unusual for him to ‘disappear’ for days at a time or for him to not be
in contact with family on a regular basis,” Sen-Constable Bound said.
“Owen used a number of aliases and had connections to communities
all over the country as a result of a childhood where the family
travelled around. He could be anyone and he could be anywhere.”
Dylan said he yearned for Owen to make contact.
“If he could just make contact and say, ‘Hey, I’m all right’, it
would be good to have some closure,” Dylan said.
Sen-Constable Bound said that for the first time, the Coroner had
requested a brief outlining the case.
She expected the inquest to take place in 2015.
Dylan has set up a
page dedicated to his brother.
If someone you know goes missing here are four simple steps to
kick off your search.
■ Report the person as missing;
■ Write down everything you know about their last movements, who
they may have had contact with, where they went;
■ Enlist people to help in your search;
■ Create a poster and distribute it.
Visit mpan.com.au for a detailed checklist and poster
App offers a new hope to families
TOOL AIMS TO LOCATE PEOPLE
A PAKENHAM man, who has been searching for his brother for 24 years, has
urged residents and businesses to take up a new tool to help find missing
Dylan Redman, whose brother Owen went missing from Brunswick in February
1991, said the Help Find Me app was a fantastic initiative.
The program automatically launches the profile and image of a missing
Australian person when the search function on a participating website is used.
A link also allows people to report any new information.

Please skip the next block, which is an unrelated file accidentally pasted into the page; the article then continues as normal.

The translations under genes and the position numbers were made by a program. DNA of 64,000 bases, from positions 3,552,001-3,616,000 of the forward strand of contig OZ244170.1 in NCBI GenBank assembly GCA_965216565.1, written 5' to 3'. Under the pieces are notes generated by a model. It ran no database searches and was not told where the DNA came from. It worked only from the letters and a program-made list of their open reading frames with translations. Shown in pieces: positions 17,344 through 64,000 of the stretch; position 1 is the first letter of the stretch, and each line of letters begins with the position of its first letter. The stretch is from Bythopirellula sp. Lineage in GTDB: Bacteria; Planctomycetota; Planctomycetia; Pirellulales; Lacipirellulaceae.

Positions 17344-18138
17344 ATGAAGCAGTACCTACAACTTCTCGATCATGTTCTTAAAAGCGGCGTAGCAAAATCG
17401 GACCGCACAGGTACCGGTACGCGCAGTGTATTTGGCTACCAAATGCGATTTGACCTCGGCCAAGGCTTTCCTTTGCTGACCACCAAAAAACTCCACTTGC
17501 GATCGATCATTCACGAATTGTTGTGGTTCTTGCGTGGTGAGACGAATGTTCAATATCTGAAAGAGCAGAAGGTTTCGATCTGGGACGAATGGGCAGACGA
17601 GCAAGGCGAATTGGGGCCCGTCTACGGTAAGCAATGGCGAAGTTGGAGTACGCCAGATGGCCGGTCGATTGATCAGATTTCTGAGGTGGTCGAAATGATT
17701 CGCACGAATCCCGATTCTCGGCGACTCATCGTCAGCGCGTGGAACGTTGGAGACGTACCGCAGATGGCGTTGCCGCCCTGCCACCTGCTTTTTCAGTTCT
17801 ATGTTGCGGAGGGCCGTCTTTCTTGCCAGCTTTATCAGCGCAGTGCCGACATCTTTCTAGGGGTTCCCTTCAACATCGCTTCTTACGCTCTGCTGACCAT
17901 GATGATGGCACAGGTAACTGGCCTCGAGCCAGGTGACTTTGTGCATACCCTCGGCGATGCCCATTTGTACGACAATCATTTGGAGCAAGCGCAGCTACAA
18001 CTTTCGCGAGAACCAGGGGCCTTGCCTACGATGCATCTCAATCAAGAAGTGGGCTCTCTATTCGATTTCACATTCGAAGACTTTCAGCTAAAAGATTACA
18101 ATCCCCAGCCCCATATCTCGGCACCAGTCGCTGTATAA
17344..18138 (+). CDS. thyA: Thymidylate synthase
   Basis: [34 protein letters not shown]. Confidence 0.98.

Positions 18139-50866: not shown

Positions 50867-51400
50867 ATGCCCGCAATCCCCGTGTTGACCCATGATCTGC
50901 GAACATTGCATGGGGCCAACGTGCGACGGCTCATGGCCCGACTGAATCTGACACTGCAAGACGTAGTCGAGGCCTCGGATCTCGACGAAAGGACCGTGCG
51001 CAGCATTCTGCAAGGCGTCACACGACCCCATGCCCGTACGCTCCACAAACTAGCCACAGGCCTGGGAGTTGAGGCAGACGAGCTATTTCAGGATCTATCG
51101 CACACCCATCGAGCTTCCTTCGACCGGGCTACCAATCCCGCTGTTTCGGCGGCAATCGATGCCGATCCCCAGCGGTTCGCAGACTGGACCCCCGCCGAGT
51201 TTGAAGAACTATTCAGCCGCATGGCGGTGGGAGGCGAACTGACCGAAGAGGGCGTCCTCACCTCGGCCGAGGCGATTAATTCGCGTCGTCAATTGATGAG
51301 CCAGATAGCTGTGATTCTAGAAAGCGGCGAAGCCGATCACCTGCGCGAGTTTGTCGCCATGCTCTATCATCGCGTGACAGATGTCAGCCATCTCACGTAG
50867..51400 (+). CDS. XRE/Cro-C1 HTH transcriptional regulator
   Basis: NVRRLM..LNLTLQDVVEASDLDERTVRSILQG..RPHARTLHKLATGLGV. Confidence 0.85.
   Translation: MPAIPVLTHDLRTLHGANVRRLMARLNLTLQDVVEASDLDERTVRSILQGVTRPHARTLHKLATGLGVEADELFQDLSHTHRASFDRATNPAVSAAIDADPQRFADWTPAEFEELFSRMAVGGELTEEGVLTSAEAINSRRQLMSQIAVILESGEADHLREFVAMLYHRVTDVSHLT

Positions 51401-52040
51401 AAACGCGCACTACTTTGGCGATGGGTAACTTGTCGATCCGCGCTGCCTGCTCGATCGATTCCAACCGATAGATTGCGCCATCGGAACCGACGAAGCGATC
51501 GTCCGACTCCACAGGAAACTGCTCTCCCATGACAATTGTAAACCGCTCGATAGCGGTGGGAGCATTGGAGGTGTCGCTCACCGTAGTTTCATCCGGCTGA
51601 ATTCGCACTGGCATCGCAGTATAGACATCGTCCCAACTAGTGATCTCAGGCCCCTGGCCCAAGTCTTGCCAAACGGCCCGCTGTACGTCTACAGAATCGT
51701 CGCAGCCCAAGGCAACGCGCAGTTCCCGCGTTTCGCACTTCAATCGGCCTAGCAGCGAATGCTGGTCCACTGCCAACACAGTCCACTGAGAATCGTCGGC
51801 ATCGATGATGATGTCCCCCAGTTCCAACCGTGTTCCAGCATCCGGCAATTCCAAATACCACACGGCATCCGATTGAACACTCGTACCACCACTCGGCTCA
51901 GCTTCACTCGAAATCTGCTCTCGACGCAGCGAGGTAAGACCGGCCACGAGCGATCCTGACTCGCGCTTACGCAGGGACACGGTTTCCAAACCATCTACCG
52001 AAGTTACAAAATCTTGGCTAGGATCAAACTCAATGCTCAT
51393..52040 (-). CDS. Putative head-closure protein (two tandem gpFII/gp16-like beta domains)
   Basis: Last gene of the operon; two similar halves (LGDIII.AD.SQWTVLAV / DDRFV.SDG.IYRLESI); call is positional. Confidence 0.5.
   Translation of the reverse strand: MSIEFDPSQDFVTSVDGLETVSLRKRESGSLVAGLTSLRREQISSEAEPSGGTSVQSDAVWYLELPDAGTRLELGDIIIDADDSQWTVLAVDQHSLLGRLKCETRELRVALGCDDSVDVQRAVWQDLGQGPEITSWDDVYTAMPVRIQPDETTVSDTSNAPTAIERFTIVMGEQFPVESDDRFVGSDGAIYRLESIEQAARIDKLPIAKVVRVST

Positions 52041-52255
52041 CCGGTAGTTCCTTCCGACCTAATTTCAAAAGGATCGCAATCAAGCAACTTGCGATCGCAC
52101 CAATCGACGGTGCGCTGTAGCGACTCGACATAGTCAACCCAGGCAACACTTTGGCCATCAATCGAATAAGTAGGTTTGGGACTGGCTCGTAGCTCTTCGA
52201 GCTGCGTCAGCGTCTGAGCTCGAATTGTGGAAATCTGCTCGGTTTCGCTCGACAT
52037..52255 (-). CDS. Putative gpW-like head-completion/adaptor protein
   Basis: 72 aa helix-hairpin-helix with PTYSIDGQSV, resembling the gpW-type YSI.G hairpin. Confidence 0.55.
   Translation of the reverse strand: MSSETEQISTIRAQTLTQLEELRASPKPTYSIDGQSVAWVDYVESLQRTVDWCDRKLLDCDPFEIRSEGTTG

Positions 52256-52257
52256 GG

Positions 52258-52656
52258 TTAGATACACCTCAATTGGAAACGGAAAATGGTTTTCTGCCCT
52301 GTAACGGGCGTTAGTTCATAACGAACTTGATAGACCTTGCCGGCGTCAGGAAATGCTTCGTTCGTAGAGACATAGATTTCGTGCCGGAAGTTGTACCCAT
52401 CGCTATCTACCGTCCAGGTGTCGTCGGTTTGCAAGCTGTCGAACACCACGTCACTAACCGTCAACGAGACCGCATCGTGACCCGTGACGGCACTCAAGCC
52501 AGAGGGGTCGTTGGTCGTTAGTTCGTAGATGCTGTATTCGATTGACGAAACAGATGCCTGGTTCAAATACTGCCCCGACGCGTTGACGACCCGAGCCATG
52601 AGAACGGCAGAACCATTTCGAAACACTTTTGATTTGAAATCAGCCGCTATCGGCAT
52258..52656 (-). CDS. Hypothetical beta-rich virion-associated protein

The use of high-traffic websites search bars donated by corporate
Australia is the key to the success of Help Find Me.
“Everything helps. It is important to put it out there,” the 43-year-old
“It could be just one thing that leads to something.”
Owen was 24 when he went missing.
He did not collect his pay from Greenpeace and took nothing but the
clothes he was wearing at the time.
Mr Redman said he was very close to his brother.
“He was my hero,” Mr Redman, pictured, said.
“My mother died in a car accident in 2011. It sounds a bit funny, but it
was easier to deal with it because there was finality to it. There is closure.
In a way, I grieve for my brother constantly.”
The Help Find Me project is led by Missing Persons Advocacy Network and
Singapore’s Grey Group.
MPAN founder Loren O’Keeffe said a recently concluded seven-day stint of
the program, which highlighted 50 cases, had been a success.
“The initiative is ongoing and we will continue to encourage corporate and
individuals to get behind it,” she said.
For information, visit mpan.com.au or helpfindme.com.au or call the
Missing Persons Advocacy Network on 0405 102 831.